CBS News Correspondent Sharyl Attkisson reports Dr. Robert Misbin, who led the FDA review of Rezulin, was summoned by FDA Internal Affairs for questioning about "the possible inappropriate release of information."
When he asked to bring a witness to the hearing, Misbin received an e-mail response from a superior that read: "...You are not permitted a witness. You will be asked oral questions. If you refuse...I will perceive this as non-cooperation and report such to your supervisor for disciplinary actions."
Misbin has refused to be questioned and has now been excluded from high level talks about Rezulin's safety with the FDA commissioner, even though he's the drug's chief medical reviewer.
The FDA wouldn't comment on any of this Friday, but has said in the past that its review of Rezulin is "ongoing."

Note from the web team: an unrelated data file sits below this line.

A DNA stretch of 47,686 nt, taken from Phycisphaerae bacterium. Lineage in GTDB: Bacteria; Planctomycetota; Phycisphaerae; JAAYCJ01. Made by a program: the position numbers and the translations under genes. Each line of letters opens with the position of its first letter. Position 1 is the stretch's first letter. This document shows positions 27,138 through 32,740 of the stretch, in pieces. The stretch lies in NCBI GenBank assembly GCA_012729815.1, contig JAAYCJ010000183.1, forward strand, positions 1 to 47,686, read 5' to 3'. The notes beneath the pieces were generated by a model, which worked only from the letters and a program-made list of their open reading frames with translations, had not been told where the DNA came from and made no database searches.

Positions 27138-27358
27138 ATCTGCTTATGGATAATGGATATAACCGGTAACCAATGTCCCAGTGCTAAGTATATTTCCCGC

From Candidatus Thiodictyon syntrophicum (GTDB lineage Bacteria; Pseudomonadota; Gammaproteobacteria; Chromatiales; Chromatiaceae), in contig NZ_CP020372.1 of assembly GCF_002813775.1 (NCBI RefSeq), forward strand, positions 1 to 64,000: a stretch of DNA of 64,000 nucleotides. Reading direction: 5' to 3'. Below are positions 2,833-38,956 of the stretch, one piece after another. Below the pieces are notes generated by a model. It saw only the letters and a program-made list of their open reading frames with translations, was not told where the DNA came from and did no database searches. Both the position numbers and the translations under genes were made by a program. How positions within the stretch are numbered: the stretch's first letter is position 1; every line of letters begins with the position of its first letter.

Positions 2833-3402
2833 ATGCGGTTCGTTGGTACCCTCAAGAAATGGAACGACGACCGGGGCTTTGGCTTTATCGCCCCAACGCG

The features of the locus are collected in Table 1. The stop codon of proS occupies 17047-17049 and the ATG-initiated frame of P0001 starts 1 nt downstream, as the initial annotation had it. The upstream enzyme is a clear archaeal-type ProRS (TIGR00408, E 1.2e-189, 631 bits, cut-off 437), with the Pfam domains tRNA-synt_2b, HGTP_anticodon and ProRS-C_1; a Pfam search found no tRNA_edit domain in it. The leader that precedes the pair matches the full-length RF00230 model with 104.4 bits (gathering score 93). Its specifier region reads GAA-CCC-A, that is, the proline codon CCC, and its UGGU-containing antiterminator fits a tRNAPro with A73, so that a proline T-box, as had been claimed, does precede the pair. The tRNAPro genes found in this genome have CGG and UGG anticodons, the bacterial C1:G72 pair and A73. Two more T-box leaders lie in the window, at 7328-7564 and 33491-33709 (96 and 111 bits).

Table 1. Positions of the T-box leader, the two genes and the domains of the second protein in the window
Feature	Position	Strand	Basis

Last week, CBS News reported that Misbin wrote Congressman Henry Waxman, D.-Calif., to complain, "I have been frustrated in my efforts to convince my superiors that the time has come to remove Rezulin from the market."
Rezulin is a drug used with insulin or other medications to control Type 2 diabetes. It has been linked to 58 deaths.
After CBS News reported a clinical researcher's claim that the drug's manufacturer, Warner Lambert, had pressured her to downplay problems that emerged during a Rezulin trial, Warner Lambert asked the FDA to conduct an "objective review" of the drug.
A second scientist who did research on the drug has also come forward alleging the drug maker pressured him to keep quiet about problems.
Warner-Lambert denies those charges and says it submitted all required data.
In a related development, Senator John Ashcroft, R-Mo., now has asked the FDA to begin an immediate investigation into Rezulin's safety and the allegation by the researchers who say Warner-Lambert misrepresented its dangers.